What brought you to fashion design?
I started being interested in sewing my own clothing during my highschool years. There was no design in these attempts but I focused on the craft itself and learned how to sew properly, with the help of my grandmother and mom. Then, after high school, I took a year off and went to London where I worked in a sandwich bar to make a living and during my free time, I was always somewhere at live-drawing sessions. It was so inspiring because the lessons weren’t in regular classrooms or such, I got into this community and the sessions were taking places in bars, attics of numerous buildings, and so on. It was so exciting for me. So I started sketching a lot, on the tube, on the streets, everywhere, and also went to a fashion drawing course at LCF. When I got back to Czechia, I said I’ll give it a try and applied for an art university and got in. But I’d say that the time when I really got into fashion design for real was the last year of my master’s degree at the Academy of Arts, Architecture and Design in Prague. Before that it was more of a doodling, I guess.
What’s the main idea behind your brand?
The main idea is to create an extreme recycling medium. I don’t consider my brand being zero-waste like it may seem to some people but I always try to use every bit, every scrap of fabric I can.
You are a brand with sustainability at its core, and you use pre-existing materials and fabric waste. Where do you get them?
It firstly started when I was in my diploma year and was thinking what my project would be about. Every evening when I was sweeping all the little pieces of fabrics that were lying on the floor in our school studio, I was thinking, “there must be a way to use all this,” because throwing all that away just made me cry. And I was always obsessed with collecting scraps and creating scrapbooks, so I started collecting it from the floor and sewing it together. Now, after four years, I still sorta dumpster-dive with permission at numerous fashion studios around Prague and collect their offcuts and unwanted fabrics. Even with just a small production, the designers often have so much waste that they just simply cannot use, store or in any other way take care of, because there is just no time, money or storing space – so it has to go.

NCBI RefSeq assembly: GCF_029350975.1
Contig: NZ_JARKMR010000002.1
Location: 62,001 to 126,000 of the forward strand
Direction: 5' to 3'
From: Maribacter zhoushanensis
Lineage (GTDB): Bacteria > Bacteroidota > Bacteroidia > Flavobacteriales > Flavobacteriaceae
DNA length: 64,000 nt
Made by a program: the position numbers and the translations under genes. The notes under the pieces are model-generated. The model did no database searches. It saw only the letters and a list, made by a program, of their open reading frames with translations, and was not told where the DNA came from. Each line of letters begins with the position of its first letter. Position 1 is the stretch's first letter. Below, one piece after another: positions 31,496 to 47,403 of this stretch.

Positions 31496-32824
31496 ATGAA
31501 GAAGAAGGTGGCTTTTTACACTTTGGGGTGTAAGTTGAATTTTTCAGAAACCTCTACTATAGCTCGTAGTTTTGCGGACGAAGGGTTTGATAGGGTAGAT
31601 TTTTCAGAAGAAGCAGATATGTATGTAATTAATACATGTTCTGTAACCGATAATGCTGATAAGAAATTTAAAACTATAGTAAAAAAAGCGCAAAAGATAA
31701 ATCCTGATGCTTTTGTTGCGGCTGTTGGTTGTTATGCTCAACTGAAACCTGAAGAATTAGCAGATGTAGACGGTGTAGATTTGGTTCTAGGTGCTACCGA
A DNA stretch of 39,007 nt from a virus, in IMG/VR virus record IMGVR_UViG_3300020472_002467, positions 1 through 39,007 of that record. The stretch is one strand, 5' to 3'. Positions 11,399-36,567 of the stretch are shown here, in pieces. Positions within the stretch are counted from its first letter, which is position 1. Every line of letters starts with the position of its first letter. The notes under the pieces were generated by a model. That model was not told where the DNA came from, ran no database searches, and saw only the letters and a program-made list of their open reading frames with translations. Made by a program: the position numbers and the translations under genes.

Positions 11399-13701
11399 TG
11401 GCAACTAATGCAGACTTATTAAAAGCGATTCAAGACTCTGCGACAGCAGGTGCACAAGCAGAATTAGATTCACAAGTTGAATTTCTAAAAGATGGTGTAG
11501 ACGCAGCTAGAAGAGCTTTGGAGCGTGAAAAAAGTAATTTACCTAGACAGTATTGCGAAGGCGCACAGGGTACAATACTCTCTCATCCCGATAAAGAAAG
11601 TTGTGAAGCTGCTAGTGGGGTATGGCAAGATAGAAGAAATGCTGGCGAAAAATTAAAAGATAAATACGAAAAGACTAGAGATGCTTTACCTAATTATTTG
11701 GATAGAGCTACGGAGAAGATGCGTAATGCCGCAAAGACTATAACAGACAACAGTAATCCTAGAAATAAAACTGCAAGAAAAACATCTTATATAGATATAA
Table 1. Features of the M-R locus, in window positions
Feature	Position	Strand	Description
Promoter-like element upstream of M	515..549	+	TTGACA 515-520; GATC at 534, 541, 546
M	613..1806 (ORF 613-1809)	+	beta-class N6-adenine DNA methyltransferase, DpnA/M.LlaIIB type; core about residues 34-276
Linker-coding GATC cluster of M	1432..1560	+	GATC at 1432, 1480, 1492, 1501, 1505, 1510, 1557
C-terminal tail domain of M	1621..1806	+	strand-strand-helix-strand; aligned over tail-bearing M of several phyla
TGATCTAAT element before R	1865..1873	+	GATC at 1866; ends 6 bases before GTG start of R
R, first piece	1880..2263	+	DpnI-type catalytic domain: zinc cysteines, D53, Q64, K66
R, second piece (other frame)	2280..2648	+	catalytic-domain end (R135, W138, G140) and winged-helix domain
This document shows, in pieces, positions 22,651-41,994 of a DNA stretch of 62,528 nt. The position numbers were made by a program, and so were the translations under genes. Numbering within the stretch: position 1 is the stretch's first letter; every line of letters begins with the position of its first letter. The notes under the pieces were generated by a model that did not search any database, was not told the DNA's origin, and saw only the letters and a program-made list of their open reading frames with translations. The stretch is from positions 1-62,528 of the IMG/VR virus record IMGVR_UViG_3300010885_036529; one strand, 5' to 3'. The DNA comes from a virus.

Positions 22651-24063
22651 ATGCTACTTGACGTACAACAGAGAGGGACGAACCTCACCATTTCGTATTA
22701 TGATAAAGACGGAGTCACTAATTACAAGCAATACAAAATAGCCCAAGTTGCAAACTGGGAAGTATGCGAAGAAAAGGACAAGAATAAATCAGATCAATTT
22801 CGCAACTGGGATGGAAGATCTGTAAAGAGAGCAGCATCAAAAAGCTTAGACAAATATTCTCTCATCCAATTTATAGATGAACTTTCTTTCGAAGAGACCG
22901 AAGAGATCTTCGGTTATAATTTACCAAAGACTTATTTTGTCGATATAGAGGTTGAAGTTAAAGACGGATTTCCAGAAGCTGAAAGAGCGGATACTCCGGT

After I gain some amount, I start to sort the pieces, for example, the colours I like together and so on, and make metrage by placing the pieces side by side, and then sewing them together by hand to secure them. Next step is taking this material to Brno (South Moravia) where there is the last maliwatt machine of this specific type and which is used to create woolen tapestries. The technique is called art protis and is rarely used now (the work of Karolina Jurikova took me to this technique). There are around four hundred needles with a thread, which interlace this fabric so that it is compact and my garments can be cut from it. It’s a very long process, I call it the slowest fashion. But I love it, love how I know every bit of this fabric, how unique and non-repetitive it is. I know I am not saving the world but it’s about the mindset. Don’t throw it away – save it, you might use it later!